Since January the trend has been steadily up, though midwest manufacturing obviously took a significant knock at the end of last year, as a result the year on year reading is not that substantial. Clearly the line is up though, which to some extent must be a consequence of the relative weakening of the dollar.
As Reuters says:
The Chicago Federal Reserve Bank said on Monday its Midwest manufacturing index rose in July amid broad-based gains in all sectors.The index gained 0.6 percent to a seasonally adjusted 106.0 from an upwardly revised 105.3 in June, originally reported at 104.9. Still, compared with a year earlier, Midwest factory output was only 0.5 percent higher, trailing the 1.9 percent national increase in industrial production. Output in all four of the regional manufacturing sectors tracked by the Chicago Fed rose in July. The biggest gain came in resource output, up 1 percent on strength in food, wood, paper and chemical production.Resource production ran 3.2 percent above a year ago, outpacing the national 1 percent increase, while year-on-year output fell in the auto, steel and machinery segments.Midwest machinery sector output for July rose 0.8 percent from June but was down 0.7 percent from a year earlier.Auto sector production rose 0.3 percent and steel output was up 0.7 percent in July The Chicago Fed Midwest Manufacturing Index is a monthly estimate of manufacturing output in the region by major industries. The survey covers the five states that make up the seventh Federal Reserve district: Illinois, Indiana, Iowa, Michigan and Wisconsin.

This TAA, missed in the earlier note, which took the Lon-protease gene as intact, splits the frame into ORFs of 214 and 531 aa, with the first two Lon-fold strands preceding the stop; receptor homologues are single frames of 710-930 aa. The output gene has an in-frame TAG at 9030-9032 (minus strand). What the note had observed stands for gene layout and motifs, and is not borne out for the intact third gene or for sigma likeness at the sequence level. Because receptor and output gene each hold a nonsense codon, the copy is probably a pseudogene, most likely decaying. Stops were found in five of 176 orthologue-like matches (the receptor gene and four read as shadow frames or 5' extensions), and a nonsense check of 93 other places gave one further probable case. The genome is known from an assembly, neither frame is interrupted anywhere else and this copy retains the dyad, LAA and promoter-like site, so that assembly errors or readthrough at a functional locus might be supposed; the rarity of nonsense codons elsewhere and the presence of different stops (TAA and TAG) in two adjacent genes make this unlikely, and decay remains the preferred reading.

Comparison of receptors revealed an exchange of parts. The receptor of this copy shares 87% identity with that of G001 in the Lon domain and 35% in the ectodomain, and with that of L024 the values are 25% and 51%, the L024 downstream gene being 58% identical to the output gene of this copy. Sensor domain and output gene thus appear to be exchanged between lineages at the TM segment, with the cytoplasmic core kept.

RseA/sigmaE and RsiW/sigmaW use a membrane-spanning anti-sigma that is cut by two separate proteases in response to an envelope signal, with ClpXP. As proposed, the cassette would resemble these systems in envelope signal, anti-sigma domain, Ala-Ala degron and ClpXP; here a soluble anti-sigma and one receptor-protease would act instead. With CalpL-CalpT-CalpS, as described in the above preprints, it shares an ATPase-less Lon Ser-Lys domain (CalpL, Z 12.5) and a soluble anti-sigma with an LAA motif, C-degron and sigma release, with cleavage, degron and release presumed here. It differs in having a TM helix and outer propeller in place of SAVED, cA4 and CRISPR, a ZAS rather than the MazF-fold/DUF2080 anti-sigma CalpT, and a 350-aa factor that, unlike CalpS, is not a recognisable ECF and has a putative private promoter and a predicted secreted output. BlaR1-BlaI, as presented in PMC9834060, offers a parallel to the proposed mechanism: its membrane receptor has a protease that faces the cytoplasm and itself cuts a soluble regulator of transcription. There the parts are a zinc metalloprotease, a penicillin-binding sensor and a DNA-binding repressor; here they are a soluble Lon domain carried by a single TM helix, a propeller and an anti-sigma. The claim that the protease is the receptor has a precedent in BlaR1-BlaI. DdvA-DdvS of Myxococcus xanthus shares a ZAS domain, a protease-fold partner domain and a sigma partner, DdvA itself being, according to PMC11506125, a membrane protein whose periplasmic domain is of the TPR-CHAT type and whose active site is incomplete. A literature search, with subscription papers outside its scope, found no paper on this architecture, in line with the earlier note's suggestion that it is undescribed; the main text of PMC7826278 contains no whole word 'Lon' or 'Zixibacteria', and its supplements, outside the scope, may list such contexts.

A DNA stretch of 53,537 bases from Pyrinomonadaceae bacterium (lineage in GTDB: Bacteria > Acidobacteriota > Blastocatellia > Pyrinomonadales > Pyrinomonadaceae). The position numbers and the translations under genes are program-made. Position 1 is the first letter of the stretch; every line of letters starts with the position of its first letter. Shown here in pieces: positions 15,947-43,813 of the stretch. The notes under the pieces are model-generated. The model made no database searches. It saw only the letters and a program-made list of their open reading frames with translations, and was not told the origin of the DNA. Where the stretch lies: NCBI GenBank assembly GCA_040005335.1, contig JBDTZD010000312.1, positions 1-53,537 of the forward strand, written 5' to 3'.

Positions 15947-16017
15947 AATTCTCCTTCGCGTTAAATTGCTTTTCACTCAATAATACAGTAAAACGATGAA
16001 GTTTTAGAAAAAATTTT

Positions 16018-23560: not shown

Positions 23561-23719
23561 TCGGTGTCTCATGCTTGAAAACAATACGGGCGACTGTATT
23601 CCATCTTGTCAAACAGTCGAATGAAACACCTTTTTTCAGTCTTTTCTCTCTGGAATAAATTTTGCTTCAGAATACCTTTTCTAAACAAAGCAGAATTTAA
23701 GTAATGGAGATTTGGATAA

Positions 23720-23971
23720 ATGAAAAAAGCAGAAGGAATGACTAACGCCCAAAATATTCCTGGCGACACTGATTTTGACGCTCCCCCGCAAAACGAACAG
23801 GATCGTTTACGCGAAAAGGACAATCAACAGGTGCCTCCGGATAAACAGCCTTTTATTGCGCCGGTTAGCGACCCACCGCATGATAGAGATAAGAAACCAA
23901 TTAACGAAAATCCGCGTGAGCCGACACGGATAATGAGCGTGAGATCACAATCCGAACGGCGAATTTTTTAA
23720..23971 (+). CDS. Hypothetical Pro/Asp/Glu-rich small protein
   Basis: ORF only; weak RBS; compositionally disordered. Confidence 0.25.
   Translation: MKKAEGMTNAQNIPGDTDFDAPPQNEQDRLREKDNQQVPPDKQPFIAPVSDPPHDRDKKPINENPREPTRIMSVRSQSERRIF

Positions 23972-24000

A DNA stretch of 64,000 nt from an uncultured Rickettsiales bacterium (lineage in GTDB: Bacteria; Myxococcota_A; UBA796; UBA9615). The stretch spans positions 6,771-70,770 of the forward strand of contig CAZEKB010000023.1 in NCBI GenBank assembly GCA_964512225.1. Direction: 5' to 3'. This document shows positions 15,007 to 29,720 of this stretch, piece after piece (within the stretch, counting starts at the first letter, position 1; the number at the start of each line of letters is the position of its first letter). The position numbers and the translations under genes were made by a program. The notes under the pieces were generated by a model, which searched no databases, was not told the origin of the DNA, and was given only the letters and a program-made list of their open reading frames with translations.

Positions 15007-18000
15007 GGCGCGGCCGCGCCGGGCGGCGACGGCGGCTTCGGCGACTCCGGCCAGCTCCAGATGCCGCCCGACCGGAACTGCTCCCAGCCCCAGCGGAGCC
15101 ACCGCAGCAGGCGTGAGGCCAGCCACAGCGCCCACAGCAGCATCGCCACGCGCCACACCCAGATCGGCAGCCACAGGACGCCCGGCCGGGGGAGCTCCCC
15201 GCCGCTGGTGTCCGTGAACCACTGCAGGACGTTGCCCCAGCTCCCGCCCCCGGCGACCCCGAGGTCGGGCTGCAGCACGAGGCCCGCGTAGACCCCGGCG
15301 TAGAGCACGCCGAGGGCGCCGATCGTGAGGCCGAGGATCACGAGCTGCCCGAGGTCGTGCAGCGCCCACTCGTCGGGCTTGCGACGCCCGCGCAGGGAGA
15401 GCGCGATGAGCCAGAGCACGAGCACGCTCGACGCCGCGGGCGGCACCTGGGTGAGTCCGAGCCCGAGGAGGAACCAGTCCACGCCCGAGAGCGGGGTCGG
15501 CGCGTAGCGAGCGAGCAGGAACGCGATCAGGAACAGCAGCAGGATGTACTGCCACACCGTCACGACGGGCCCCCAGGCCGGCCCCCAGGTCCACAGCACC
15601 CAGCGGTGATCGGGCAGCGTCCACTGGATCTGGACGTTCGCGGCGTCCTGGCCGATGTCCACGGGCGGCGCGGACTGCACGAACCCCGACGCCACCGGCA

Following is a breakdown of the index components:
July June July 07/06 CFMMI +0.6 +0.4 +0.5 Auto +0.3 +0.1 -0.1 Steel +0.7 -0.3 -0.7 Machinery +0.8 +0.2 -0.7 Resources +1.0 +1.2 +3.2